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Browsing named entities in William H. Herndon, Jesse William Weik, Herndon's Lincoln: The True Story of a Great Life, Etiam in minimis major, The History and Personal Recollections of Abraham Lincoln by William H. Herndon, for twenty years his friend and Jesse William Weik. You can also browse the collection for A. T. Bledsoe or search for A. T. Bledsoe in all documents.

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ed to the family, and it is probable the matter of pay never entered Butler's mind. He was not only able but willing to befriend the young lawyer in this and many other ways. Stephen T. Logan was judge of the Circuit Court, and Stephen A. Douglas was prosecuting attorney. Among the attorneys we find many promising spirits. Edward D. Baker, John T. Stuart, Cyrus Walker, Samuel H. Treat, Jesse B. Thomas, George Forquer, Dan Stone, Ninian W. Edwards, John J. Hardin, Schuyler Strong, A. T. Bledsoe, and Josiah Lamborn — a galaxy of names, each destined to shed more or less lustre on the history of the State. While I am inclined to believe that Lincoln did not, after entering Stuart's office, do as much deep and assiduous studying as people generally credit him with, yet I am confident he absorbed not a little learning by contact with the great minds who thronged about the courts and State Capitol. The books of Stuart and Lincoln, during 1837, show a practice more extensive than l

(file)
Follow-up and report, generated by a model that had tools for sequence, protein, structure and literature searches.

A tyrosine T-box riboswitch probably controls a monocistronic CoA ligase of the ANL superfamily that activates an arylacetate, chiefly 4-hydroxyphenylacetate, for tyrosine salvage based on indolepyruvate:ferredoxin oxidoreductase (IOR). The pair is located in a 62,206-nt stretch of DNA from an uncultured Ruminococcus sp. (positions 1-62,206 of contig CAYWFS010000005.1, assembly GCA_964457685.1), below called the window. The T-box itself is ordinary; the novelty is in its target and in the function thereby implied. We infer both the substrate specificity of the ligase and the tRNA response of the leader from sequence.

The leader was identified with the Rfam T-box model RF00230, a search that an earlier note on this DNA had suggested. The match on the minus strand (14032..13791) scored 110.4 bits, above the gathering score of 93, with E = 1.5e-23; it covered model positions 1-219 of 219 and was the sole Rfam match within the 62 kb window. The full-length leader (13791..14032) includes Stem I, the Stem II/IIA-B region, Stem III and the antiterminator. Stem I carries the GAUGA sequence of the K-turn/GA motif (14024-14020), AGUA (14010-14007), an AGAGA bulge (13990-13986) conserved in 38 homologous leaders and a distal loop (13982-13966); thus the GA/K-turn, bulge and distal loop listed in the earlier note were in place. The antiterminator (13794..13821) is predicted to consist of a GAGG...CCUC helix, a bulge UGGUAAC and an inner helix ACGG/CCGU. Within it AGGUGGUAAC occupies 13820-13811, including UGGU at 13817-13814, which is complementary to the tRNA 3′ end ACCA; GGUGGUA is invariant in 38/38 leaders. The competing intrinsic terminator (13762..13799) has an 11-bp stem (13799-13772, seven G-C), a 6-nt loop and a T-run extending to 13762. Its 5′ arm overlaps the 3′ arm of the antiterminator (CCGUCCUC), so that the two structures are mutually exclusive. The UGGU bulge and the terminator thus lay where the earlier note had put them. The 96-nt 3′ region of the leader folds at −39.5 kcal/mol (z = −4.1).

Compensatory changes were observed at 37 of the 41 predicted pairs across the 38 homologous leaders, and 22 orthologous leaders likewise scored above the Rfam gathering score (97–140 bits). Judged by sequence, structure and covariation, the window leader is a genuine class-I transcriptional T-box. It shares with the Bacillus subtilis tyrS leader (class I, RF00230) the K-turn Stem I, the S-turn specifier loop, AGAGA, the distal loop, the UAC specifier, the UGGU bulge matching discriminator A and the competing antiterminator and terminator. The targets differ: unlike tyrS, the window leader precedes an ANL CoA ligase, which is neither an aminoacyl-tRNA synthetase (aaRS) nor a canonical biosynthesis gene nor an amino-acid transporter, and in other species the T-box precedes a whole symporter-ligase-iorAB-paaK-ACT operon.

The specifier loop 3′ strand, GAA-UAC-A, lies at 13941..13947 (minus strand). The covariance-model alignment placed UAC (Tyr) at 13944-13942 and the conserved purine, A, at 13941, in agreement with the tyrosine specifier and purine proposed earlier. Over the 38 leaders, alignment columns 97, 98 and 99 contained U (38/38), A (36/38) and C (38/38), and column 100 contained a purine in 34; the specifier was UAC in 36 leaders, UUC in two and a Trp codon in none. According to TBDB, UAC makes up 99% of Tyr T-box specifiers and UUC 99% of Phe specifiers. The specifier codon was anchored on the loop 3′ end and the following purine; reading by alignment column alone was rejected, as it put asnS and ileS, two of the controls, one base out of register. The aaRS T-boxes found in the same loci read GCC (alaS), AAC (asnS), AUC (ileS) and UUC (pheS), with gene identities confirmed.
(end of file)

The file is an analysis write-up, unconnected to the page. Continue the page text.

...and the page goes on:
tlement. This I believed Mr. Shields would refuse, and declined seeing him; but Dr. Hope, who conferred with him upon the subject, returned and stated that Mr. Shields declined settling the matter through any other than the friends he had selected to stand by him on that occasion. The friends of both the parties finally agreed to withdraw the papers (temporarily) to give the friends of Mr. Lincoln an opportunity to explain. Whereupon the friends of Mr. Lincoln, to wit, Messrs. Merryman, Bledsoe, and Butler, made a full and satisfactory explanation in relation to the article which appeared in the Sangamon Journal of the 2d, the only one written by him. This was all done without the knowledge or consent of Mr. Shields, and he refused to accede to it, until Dr. Hope, General Ewing, and myself declared the apology sufficient, and that we could not sustain him in going further. I think it necessary to state further, that no explanation or apology had been previously offered on the par